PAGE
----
But for many unconscious processes, it's not clear exactly why they are unconscious. Did your brain evolve to think that way, or are you reactin to a lifetime of learning?

New vs. OldEdit

In this book we will use the dual-process theory of the mind and brain to help make sense of many functions of the human mind. The two processes are the old brain (system 1) and the new brain (system 2.)

The old brain tends to be faster, more instinctive, and uses areas of the brain that are evolutionarily older (near the brain stem).

The new brain is near the front of the head, and is associated with deliberative, conscious, step-by-step, slow, strategic thinking.

Often these two processes are in conflict. Imagine having to take a bitter medicine. Why is it hard? Why do you have to force yourself to do it? The dual-process explanation is that the old and new brains disagree on what to do. The old brain thinks it tastes awful and tries to get you to not take it. Your new brain knows you need it, and tries to inhibit the old brain so that you can take it. Whichever one wins this contest of wills determines your behavior.

Can you do everything by learning through trial and error? On the face of it, no. If you are in a new city, and need to get to a museum, you do not use learning from trial and error, at the level of which turns to make on which street, to know how to get there. For that, you need a fundamentally different kind of thinking. That is what the newer, deliberative part of the mind is good at. Some argue that this is what the prefrontal cortex is for.[6]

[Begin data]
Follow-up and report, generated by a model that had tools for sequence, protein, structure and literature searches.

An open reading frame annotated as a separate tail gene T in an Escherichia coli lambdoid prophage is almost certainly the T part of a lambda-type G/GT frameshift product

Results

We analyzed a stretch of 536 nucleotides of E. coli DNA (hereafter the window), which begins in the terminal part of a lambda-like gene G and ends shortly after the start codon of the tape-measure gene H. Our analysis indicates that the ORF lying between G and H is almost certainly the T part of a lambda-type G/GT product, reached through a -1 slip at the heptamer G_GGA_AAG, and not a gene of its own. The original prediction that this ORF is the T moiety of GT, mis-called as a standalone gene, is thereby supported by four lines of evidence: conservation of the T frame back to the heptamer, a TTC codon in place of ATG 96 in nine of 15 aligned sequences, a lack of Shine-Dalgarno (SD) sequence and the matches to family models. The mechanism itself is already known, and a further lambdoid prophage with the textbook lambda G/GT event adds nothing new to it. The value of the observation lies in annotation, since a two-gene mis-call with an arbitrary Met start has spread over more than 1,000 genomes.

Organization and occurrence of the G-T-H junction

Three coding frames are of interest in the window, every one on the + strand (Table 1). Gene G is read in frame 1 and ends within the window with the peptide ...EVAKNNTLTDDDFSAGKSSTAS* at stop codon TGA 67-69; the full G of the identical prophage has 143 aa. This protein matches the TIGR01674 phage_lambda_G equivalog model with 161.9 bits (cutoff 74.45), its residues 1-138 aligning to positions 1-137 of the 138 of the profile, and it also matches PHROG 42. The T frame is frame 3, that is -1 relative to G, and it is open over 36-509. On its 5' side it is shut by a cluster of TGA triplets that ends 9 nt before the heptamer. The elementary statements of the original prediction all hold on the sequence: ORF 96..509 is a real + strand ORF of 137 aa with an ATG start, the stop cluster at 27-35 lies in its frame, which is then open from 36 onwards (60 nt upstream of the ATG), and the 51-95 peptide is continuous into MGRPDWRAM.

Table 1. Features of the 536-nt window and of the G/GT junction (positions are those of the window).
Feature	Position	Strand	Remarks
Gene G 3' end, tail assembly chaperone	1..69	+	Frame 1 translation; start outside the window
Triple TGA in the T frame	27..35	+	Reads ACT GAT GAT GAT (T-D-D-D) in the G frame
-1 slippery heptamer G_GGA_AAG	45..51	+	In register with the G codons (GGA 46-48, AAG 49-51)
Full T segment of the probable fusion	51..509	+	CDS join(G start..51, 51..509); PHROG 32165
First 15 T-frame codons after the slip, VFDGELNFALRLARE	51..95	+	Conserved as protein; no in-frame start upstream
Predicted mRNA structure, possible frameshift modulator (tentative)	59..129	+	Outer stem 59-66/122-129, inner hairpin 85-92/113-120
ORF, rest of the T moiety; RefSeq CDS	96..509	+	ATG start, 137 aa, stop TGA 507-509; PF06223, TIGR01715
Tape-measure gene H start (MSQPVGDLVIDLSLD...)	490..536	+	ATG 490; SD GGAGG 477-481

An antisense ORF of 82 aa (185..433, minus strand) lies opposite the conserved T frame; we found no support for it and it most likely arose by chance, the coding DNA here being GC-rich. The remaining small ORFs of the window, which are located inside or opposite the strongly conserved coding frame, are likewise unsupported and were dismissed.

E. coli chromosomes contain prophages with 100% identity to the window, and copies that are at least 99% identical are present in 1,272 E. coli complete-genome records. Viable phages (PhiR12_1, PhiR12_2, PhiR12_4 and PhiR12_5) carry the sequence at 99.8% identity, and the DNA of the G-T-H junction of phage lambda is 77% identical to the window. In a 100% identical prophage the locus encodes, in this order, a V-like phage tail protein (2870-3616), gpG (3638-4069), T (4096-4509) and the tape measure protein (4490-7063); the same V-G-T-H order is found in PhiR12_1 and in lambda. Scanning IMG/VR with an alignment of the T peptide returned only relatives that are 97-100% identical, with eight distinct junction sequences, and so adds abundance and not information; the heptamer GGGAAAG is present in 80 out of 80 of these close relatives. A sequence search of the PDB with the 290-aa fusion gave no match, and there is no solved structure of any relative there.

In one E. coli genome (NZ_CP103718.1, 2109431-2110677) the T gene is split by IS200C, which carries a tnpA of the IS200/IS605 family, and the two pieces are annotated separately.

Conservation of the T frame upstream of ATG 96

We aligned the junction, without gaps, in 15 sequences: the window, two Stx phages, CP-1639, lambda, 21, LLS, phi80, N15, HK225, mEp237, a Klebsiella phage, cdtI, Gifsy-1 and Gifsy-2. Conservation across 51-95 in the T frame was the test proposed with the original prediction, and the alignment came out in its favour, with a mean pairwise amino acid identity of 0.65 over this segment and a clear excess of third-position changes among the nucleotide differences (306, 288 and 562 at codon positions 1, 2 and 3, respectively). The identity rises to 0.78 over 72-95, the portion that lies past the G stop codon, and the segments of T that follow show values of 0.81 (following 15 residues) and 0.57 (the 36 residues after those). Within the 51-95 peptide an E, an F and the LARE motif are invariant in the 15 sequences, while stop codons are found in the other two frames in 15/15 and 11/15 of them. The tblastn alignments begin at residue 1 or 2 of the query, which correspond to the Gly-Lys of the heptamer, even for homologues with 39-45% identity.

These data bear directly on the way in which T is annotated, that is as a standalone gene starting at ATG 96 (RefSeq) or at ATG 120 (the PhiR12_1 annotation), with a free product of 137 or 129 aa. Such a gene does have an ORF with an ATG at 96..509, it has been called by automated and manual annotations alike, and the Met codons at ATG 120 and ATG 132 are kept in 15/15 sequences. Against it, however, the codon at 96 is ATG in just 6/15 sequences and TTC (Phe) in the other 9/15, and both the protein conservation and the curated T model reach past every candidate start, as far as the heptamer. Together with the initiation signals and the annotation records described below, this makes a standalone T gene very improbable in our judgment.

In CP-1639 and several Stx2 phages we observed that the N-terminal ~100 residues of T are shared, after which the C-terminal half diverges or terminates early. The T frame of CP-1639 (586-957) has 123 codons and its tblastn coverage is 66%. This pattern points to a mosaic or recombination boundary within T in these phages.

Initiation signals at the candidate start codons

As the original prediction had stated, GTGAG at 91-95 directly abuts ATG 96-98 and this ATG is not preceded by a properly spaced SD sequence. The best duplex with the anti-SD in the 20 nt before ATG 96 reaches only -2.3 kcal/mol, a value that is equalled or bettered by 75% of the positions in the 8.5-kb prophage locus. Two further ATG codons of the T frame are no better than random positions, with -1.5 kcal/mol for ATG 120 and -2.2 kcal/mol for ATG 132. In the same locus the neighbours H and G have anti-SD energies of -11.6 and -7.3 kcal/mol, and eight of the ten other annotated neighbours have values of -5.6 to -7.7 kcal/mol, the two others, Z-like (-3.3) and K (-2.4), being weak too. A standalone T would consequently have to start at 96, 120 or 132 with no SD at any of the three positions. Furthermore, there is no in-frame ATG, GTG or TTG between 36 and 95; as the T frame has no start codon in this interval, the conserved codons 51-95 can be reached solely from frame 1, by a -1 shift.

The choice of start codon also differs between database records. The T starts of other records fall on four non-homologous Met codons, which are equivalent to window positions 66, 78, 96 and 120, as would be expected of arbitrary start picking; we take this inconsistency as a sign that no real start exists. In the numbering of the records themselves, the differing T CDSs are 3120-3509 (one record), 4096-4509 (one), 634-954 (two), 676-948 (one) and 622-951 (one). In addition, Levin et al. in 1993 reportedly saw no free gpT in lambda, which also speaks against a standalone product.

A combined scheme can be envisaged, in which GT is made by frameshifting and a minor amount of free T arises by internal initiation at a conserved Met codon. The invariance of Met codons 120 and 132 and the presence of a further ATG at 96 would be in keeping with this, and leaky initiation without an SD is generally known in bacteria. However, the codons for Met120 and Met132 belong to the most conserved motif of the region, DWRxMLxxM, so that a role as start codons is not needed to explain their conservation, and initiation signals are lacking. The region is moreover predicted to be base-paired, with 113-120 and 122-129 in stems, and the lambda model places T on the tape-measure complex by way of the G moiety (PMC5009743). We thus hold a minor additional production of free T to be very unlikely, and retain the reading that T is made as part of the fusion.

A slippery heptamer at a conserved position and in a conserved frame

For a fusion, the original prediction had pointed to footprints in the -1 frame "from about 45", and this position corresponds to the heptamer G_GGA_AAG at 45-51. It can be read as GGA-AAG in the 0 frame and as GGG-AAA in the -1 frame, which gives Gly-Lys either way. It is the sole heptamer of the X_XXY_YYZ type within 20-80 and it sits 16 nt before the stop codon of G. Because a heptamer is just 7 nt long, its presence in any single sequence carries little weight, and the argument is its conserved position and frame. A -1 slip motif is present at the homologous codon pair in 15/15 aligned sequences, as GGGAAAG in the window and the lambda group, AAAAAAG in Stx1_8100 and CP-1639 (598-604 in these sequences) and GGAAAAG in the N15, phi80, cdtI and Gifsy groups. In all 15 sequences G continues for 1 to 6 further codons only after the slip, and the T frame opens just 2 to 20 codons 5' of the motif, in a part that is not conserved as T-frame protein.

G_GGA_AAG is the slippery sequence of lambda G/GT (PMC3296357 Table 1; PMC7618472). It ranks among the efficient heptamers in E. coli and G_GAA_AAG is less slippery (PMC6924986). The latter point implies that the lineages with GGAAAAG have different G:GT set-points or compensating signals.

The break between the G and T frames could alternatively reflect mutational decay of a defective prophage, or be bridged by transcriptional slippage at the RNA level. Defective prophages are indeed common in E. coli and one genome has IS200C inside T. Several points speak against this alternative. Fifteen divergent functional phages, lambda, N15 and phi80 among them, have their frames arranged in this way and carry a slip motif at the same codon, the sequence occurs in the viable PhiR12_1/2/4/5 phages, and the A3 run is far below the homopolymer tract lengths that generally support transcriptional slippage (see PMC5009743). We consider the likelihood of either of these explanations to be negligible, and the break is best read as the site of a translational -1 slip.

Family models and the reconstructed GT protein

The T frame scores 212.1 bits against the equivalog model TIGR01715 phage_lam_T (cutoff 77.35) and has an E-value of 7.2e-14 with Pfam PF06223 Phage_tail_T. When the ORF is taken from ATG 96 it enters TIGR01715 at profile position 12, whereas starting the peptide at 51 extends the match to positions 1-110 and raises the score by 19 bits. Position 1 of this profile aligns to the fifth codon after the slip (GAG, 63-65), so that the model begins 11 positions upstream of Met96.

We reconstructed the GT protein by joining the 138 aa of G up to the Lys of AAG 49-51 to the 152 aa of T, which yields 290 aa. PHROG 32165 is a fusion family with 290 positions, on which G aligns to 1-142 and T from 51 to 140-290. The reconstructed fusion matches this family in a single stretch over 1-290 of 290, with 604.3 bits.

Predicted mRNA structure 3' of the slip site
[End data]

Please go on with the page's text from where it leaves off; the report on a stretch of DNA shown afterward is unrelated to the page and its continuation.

We can think of the modular parts of the mind and brain as the automatic settings on a camera. They are good for most cases, but occasionally they need to be overridden for particular instances.[7]

According to conflict-monitoring theory, the Anterior Cingulate Cortex (ACC) is responsible for figuring out when the mind is in disagreement. When a conflict is detected, the DLPFC is activated to resolve it, much like appealing to a higher court of law.[8] The ACC is what decides what to do when there are competing goals--say, from a habitual response to one that favors long-term goals.[9]



ReferencesEdit

  1. Haidt, J. (2006). The happiness hypothesis: Finding modern truth in ancient wisdom. Basic Books. Page 4.
  2. Haidt, J. (2006). The happiness hypothesis: Finding modern truth in ancient wisdom. Basic Books. Page 5.
  3. a b Halpern, D.F. & Collaer, M.L. (2005). Sex differences in visuospatial abilities: More than meets the eye. In P. Shah and A. Miyake (Eds.) The Cambridge Handbook of Visuospatial Thinking. Cambridge University Press: Cambridge. 170--212.
  4. Miller, G. A. (1962). Psychology: The Science of Mental Life. New York: Harper & Row.
  5. Carson, S. (2014). The unleashed mind. Scientific American Mind, Winter, special issue on creativity. 28--35.
  6. Greene, J. (2013). Moral tribes: Emotion, reason, and the gap between us and them. The Penguin Press, HC., page 198.
  7. Greene, J. (2013). Moral tribes: Emotion, reason, and the gap between us and them. The Penguin Press, HC.
  8. Greene, J. (2013). Moral tribes: Emotion, reason, and the gap between us and them. The Penguin Press, HC., page 295.
  9. Bovinick, M. M., Braver, T. S., Barch, D. M., Carter, C. S., & Cohen, J. D. (2001). Conflict monitoring and cognitive control. Psychological Science, 108, 624--654.